The Difference Between Dental Bridges
What’s a dental bridge? It’s a single unit that replaces one or more missing teeth by attaching a prosthetic to teeth adjacent to the missing tooth (or teeth). Pretty simple right? You’re missing a tooth, so you put in a bridge. End of story. Right…..?
Well, not exactly. Not all bridges are made the same. Some are made from noble metals (like gold), some are made from “silver” metals, some are made from metal with white porcelain fused on top (these are the most common currently), and some are biocompatible and completely metal free.
Then there’s the “construction” type. Do the attachments act like crowns and completely cover the adjacent teeth? Does the dentist cut away a large portion of healthy teeth on either side in order to place a bridge? Are there more conservative bridges that conserve more teeth? The answer is “yes” to all of the above.
Choosing the Right Bridge for You:
At The Center for Natural Dentistry in Encinitas, we only place metal-free, biocompatible bridges. We are a holistic dental practice in San Diego County, and our focus is on doing work that’s good for your mouth and your body. That means that we always strive to create the strongest, most conservative bridges possible. In most cases, this results in a biocompatible onlay bridge or inlay bridge. While metal bridges are certainly strong, they can actually be too strong, causing the tooth to weaken under the bridge and eventually leading to the loos of the tooth (does this pattern sound familiar: You have a cavity, fill it with an amalgam filling. Decay forms around the filling. Filling is redone. More decay. Root Canal. Root Canal fails, so you get a crown. Crown fails, so you have the tooth pulled and get a metal bridge. Teeth holding the bridge decay and need to be pulled. Metal dentures replace the missing teeth. Metal often causes future dental problems and can sometimes lead to other systemic and acute health problems).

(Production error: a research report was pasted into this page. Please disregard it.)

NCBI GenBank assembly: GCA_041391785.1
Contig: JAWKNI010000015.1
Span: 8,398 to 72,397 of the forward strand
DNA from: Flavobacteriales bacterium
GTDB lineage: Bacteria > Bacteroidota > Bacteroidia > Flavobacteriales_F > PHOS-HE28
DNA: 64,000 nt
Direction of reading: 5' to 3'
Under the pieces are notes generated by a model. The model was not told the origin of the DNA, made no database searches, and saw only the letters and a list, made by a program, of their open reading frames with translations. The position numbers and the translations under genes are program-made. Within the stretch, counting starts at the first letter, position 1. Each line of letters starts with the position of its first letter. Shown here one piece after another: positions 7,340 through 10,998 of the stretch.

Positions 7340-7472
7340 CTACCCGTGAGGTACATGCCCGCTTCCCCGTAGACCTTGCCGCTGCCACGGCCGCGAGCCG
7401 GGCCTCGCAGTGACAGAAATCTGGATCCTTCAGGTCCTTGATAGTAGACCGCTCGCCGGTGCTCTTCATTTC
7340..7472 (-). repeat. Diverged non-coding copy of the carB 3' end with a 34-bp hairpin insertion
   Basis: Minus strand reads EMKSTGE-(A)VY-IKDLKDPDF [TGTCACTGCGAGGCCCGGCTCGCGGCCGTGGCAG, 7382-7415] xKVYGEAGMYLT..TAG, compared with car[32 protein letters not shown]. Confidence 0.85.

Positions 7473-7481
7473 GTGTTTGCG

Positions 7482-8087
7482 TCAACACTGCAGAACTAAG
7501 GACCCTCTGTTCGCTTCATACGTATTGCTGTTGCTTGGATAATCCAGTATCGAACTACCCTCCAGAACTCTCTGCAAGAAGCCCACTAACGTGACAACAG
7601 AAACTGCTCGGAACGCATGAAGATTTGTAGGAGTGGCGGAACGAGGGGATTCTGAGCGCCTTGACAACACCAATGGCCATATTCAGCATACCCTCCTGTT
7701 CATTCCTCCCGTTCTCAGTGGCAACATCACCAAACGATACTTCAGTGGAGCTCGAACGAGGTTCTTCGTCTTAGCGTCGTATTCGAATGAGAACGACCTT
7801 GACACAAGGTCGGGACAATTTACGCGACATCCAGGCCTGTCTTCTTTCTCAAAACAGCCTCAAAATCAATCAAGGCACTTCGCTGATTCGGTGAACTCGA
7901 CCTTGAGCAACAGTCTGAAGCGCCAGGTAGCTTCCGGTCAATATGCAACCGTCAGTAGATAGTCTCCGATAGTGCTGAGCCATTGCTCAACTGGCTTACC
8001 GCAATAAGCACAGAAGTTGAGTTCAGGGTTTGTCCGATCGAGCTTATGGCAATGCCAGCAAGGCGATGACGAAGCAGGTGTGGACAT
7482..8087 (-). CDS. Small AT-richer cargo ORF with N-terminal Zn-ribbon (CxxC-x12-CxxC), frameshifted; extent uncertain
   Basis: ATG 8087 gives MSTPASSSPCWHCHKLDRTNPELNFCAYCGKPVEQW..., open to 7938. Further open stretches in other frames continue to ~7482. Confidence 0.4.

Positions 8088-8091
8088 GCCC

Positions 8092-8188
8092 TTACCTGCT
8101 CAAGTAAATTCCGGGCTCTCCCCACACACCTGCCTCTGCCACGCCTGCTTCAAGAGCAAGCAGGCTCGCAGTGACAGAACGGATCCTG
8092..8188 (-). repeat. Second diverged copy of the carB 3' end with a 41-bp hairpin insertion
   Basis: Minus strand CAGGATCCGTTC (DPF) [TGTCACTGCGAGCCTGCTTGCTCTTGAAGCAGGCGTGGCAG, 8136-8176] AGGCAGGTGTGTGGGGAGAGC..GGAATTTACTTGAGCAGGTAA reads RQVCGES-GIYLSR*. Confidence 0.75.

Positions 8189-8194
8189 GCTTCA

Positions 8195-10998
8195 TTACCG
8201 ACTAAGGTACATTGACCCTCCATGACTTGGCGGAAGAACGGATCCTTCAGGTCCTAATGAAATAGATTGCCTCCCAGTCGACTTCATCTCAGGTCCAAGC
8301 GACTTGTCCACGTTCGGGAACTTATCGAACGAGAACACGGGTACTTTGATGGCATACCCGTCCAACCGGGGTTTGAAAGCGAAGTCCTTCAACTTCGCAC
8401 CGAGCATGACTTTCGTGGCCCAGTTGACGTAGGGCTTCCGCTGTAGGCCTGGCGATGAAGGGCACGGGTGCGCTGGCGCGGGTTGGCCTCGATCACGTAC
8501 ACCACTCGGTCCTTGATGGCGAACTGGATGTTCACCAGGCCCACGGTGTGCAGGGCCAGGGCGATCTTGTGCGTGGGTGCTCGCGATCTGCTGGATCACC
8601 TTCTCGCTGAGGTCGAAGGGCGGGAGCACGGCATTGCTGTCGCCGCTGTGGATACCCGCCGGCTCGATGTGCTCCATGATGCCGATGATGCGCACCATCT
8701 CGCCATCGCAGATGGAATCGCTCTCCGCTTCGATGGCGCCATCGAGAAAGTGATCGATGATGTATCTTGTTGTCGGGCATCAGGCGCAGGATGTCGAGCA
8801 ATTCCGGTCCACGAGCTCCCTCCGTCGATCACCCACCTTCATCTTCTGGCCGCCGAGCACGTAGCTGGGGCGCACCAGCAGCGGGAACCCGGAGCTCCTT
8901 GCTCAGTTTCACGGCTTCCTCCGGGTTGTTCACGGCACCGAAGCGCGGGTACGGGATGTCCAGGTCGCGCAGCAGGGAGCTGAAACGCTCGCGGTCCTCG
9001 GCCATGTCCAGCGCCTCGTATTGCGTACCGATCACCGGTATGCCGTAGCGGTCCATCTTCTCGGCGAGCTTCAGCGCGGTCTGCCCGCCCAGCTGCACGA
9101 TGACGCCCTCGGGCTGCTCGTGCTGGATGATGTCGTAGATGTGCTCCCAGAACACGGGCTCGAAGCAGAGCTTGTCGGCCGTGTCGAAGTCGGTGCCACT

So what’s the answer? A bridge that is strong, forgiving, esthetically pleasing, metal-free, and doesn’t unnecessarily and expressively remove healthy teeth.
That’s exactly what we do at our Encinitas holistic dental practice. We make strong, metal-free onlay and inlay bridges that conserve surrounding teeth because they require less material to anchor the bridge in. We make some of these bridges in a high-quality laboratory and some on our Cerec machine on the office. The result is less healthy tooth loss and a long-lasting, strong, biocompatible bridge.
So if inlay and onlay bridges are better, why do they sometimes cost more? Well, there are a variety of factors that go into the cost of a bridge. Materials used is a large part of it. The difficulty in properly placing a bridge so it will last and won’t create decay in the adjacent teeth is also part of it. The amount of skill and experience required to place an inlay bridge is often higher than that for a traditional bridge. As the old saying goes: you get what you pay for. If you want a bridge that will last a long time, will create a solid biting surface, won’t do necessary damage to the adjacent teeth, won’t cause harm to your overall health, and looks natural in your mouth (both along the gumline and in in conjunction with the surrounding teeth), then this is probably the type of bridge you are looking for.
Some pictures are below to illustrate exactly what an inlay bridge. This is one of the biocompatible inlay bridges made at our Encinitas holistic dental practice.